Not long ago a group of four business persons, including two Agora Enterprise executives, traveled in Asia to observe and consult with three social enterprise businesses. Between the four of them, they had 90 years of robust experience in business, entrepreneurship, marketing, leadership, and finance.

The Tale of Three Businesses

The first business they visited was well established, fiscally mature and served the community well with job creation, financial and tax responsibility and social engagement. They had been in business for 10 years. In the startup phase they brought in qualified managers and sought help from business people experienced in the country. Local mentors provided counsel in the language, culture, social conditions and integration of business and social responsibility. There were ups and downs, but they consider their success to be closely linked to their willingness to be life-long learners. As a result, their future looked bright.

The second business had been in-country for about 15 years, had created jobs for many people, gained respect and credibility with locals, and was making a clear difference in the community. They had built their business model on proven models. However, upon arrival in 2014, the visiting team found that the business was facing significant challenges. The market had changed and their customer base was in transition. Their cash flow was at risk and they were worried about the future. The company leaders asked the team of four for advice. They knew they needed to learn, wanted help, asked for it and appreciated two days of good counsel. Though times are tough now, the horizons are brightening.

The third business gave evidence of much success in the social sector, however the business model was being challenged and finances and management were in disarray. These problems—and others—were evident to the visiting team. However, the business owner’s desire for help was not equally evident. He seemed detached from the realities of where the business was headed. Being a learner was not a concept he had internalized. His business is at high risk.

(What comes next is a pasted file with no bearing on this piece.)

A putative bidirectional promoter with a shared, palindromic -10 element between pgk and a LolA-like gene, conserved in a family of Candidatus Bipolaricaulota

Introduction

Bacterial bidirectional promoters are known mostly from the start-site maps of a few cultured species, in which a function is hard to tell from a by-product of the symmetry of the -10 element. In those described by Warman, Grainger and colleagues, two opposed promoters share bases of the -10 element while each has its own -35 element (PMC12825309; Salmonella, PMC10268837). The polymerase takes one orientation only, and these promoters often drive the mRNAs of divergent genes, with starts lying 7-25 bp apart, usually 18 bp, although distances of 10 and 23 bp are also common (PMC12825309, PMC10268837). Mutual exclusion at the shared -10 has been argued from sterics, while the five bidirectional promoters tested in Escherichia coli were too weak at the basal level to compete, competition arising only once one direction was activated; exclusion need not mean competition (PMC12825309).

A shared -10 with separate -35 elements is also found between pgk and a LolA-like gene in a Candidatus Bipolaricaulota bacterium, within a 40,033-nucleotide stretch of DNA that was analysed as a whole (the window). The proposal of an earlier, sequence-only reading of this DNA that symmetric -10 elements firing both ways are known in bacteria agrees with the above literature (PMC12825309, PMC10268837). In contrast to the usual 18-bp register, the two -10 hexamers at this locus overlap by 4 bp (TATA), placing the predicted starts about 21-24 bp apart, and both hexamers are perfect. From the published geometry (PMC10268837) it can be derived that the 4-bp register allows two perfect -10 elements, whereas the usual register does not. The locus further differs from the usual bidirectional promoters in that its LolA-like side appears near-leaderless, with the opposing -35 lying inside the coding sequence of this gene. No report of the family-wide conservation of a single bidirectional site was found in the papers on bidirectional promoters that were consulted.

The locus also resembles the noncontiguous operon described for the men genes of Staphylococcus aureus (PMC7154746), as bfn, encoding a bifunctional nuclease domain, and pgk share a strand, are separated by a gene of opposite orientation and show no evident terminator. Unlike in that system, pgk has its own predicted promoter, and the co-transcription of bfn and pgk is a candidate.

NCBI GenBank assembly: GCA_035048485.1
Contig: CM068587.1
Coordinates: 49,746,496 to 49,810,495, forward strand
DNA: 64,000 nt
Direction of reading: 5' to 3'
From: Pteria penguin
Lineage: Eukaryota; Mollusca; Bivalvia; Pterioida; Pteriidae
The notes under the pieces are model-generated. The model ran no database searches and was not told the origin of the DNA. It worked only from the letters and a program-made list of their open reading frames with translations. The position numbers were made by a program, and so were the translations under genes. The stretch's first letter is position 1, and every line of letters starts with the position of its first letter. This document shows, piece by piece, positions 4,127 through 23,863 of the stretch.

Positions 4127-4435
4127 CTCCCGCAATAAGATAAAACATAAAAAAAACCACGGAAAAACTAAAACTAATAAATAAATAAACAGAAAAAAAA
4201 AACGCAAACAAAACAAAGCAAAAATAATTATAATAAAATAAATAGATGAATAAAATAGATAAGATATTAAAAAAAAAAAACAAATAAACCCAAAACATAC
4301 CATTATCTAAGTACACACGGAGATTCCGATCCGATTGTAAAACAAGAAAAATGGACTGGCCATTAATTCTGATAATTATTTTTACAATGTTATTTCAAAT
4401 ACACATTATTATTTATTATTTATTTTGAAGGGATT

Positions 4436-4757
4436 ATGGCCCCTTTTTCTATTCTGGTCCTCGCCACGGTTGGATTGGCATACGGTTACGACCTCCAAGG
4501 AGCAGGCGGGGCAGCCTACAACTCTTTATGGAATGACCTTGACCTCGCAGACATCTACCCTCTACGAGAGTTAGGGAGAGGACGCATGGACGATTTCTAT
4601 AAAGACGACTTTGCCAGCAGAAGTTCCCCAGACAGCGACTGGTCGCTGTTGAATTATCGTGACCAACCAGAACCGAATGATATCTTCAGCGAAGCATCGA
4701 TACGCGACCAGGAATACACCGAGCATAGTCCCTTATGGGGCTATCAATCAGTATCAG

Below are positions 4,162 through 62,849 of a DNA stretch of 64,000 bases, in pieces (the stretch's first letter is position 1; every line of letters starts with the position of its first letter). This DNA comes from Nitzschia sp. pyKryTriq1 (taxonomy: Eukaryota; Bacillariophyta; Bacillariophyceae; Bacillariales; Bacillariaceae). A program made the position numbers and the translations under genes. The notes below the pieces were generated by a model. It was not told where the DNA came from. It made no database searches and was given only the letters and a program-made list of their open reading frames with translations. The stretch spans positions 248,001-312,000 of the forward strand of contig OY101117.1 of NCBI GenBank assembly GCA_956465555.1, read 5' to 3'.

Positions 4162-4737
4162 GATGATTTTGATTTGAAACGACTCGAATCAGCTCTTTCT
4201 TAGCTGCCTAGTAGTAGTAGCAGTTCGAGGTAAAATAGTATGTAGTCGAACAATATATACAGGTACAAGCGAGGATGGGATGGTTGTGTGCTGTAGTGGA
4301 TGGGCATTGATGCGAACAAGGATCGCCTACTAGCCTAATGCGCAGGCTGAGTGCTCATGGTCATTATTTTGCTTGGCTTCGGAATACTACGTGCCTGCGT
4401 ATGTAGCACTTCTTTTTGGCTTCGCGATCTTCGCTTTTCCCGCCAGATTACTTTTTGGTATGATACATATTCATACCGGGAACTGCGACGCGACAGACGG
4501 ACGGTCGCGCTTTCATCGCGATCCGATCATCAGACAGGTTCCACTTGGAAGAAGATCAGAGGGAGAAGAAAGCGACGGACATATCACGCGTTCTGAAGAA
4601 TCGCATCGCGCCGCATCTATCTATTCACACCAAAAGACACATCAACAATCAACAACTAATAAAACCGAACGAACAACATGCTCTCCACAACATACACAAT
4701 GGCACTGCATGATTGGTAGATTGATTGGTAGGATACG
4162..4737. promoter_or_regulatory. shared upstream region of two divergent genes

Why is it important to always be learning?

The leaders of the first two businesses were committed to learning, even when that meant accepting hard truths about their companies. The third was not.

Which businesses are most likely to succeed? Those whose leaders are always learning. And here’s why.

Speed of change

Moore’s Law describes the driving force of technical and social change, increased productivity and economic growth in exponential technical terms. For example, four exabytes of unique information will be generated this year, more than in the previous 5000 years. The top ten in-demand jobs in 2010 did not exist in 2004 and it is estimated that by 2035 50% of the jobs on the planet today will not conceptually exist. The amount of technical information is doubling every two years. The speed of change in the world today demands business leaders must always be learning.

Hall of Fame hockey great, Wayne Gretzky, when asked what makes him different, suggested that he does not go where the puck is but where the puck will be. Such logic is prophetic of a manager who has learned to keep growing and learning. Zig Ziglar once said, “I’m a constant learner. You need to be a constant student because things change and you have to change and grow. And I emphasize the word ‘grow’.”

Watch this video for an exhilarating look at the speed of change in technology.

Complexity of modern business

Some evidence suggests 80% of U.S. businesses fail within the first five years of operation. That’s in the U.S. Now consider the complexities of a foreign culture, different language, factors of integrating the profitability, job creation and social bottom lines; international law; trade issues; and financial/accounting issues. The failure rate of social enterprise is likely to be much higher. In order to succeed, such complexity demands owners, consultants and coaches to be constantly learning. In the words of Sidney Poitier, “I have always been a learner because I knew nothing.”

Common Wisdom

A wise man 3000 years ago reminded us of the importance of counselors in decision making, “Make plans by seeking advice…many advisors make victory sure…plans fail for lack of counsel…”(King Solomon). Henry Ford said, “Anyone who stops learning is old, whether at twenty or eighty. Anyone who keeps learning stays young. The greatest thing in life is to keep your mind young.”

To be successful in any business, but particularly to be successful in a social enterprise overseas that is striving for profitability, job creation and social and community change, requires entrepreneurs and owners to always be learning, open to new ideas, and seeking counsel from others.

For some practical suggestions in how to be make learning a habit, check out this article by Michael Fear.

*Image credit: © 2014 Ray Barreth